by John4KC, Photographer
firstname.lastname@example.org • (816) 682-4325
First I’m going to show you this page… http://lightenupandshoot.net/photography-101. Be sure to click on the “read more” on each section so you see the whole lesson.
The 3 main controls you have for getting light to your sensor are Aperture, Shutter Speed, and ISO. All three work together to get the exposure you’re looking for. Generally a “proper” exposure is one that has no black areas and no white areas. Your camera has a “histogram” to help you determine if your exposure is too bright or too dark. This video explains the histogram pretty well http://www.youtube.com/watch?v=5d6oWndayEE&feature=related It’s pretty important to at least know about even if you’re in an automatic mode.
Forget about ISO for now…
Aperture refers to the iris in the lens. In aperture priority mode on your camera, you’re choosing an aperture and the camera chooses a complimentary shutter speed to make a “proper exposure”. The smaller f numbers represent larger apertures letting in more light, allowing for a faster shutter speed. Smaller apertures also create shallow depth of field. Larger f numbers are smaller apertures, need slower shutter speeds and create more depth in the image.
Experiment… Put your camera in Aperture mode and set it to a low f # like f/4 (or smaller if your lens allows for it) and focus on a something on your desk about a foot or so away and take a shot. You’ll notice that the subject is in focus, but stuff behind it quickly goes way out of focus. Take another shot at a larger f # like f/16. Right away you’ll notice that first of all, the camera chose a MUCH slower shutter speed, and second, much more of the background and foreground are in focus. If it’s dark where you are, you might have had a hard time keeping the camera steady for that whole 2nd shot. Keep that in mind! If there is plenty of light, like on a bright sunny day, the camera will choose a faster shutter speed and that won’t be an issue (we can also use a higher ISO to compensate for the low light. More on that…).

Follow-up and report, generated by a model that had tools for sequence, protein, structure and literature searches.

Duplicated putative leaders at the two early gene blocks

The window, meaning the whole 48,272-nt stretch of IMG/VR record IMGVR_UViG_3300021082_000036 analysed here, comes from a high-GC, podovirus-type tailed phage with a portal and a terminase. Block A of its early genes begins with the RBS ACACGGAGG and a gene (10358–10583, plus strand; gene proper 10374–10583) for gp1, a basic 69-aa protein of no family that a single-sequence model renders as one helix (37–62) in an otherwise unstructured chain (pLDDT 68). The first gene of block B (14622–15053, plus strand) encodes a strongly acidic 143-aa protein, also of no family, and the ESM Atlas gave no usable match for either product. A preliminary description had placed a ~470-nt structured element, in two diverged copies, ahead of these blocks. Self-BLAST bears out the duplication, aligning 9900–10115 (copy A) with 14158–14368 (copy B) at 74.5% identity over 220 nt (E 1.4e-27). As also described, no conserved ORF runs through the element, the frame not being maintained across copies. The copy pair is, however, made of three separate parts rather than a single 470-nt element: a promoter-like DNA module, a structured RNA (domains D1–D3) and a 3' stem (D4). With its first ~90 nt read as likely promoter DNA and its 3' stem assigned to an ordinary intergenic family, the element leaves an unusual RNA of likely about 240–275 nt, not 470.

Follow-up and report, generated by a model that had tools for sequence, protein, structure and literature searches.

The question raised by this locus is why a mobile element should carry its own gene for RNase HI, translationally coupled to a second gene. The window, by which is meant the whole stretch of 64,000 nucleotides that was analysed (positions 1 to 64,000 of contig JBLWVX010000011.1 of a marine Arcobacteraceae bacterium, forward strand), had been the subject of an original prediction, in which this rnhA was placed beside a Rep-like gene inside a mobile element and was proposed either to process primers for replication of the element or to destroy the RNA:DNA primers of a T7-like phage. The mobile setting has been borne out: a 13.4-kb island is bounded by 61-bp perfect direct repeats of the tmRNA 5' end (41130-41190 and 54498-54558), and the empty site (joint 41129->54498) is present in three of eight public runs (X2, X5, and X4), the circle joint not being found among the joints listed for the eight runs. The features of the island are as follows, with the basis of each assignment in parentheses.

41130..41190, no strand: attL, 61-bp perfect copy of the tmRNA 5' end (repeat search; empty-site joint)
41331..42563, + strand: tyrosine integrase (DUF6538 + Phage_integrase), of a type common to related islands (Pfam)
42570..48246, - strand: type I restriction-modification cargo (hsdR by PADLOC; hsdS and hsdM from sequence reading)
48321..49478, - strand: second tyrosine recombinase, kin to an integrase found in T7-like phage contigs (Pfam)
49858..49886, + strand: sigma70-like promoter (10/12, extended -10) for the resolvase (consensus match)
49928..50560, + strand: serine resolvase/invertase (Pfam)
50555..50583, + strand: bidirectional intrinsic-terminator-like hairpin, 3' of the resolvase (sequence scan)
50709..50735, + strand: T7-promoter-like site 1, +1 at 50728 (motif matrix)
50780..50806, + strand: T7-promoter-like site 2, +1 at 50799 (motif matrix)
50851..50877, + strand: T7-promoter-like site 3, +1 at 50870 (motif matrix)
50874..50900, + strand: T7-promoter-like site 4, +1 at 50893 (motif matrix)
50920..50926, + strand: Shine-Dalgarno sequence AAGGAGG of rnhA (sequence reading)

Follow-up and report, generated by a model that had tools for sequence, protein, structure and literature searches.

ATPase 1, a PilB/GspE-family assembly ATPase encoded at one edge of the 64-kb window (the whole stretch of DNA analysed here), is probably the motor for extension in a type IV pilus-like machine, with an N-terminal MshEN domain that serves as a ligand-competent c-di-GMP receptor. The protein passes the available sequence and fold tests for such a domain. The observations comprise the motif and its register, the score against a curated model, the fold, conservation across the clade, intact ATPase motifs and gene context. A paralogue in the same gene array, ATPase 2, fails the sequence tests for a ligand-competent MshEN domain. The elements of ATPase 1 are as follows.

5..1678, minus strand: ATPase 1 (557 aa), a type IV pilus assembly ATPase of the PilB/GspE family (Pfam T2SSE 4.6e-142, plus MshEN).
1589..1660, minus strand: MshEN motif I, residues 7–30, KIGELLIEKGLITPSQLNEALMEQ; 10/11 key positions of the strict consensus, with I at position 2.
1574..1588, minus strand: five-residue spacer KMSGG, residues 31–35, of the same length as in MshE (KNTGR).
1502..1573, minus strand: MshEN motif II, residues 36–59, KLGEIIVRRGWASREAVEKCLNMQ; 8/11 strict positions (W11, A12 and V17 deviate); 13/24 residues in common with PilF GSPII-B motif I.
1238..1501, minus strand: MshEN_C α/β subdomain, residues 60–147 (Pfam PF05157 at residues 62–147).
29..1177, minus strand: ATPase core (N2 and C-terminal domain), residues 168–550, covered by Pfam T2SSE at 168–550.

This is how I shoot 98% or more of my shots! In Aperture Priority.
Once you start using Aperture Priority or other settings, you’ll start to see the value of having a lens that “opens” way up to like f/1.8 or something. You can get 50mm 1.8 lenses for Nikon or Canon pretty cheap (around $100 on ebay). They make great photos with very shallow depth of field and are a MUST in low light.
While in Aperture Priority mode the +/- button (“exposure compensation” button) is VERY useful on your camera. Lets say you shoot a photo and your subject is in the shadows. Your camera will expose for the overall scene, but you need a little boost to brighten up where your subject is. Hold down the +/- button and use your scroll wheel (or however your camera works) and adjust to to the plus side to brighten up the image. It will probably adjust in 1/3 “stops” at a time. It’s good to know that it makes the adjustment by forcing the camera to choose a slightly slower shutter speed than it otherwise would have, so in some cases you might add some ISO also. A perfect example of when you would use the +/- button would be when someone’s back is to the sun or light source. Hold that button and go to +1 or something. Try it!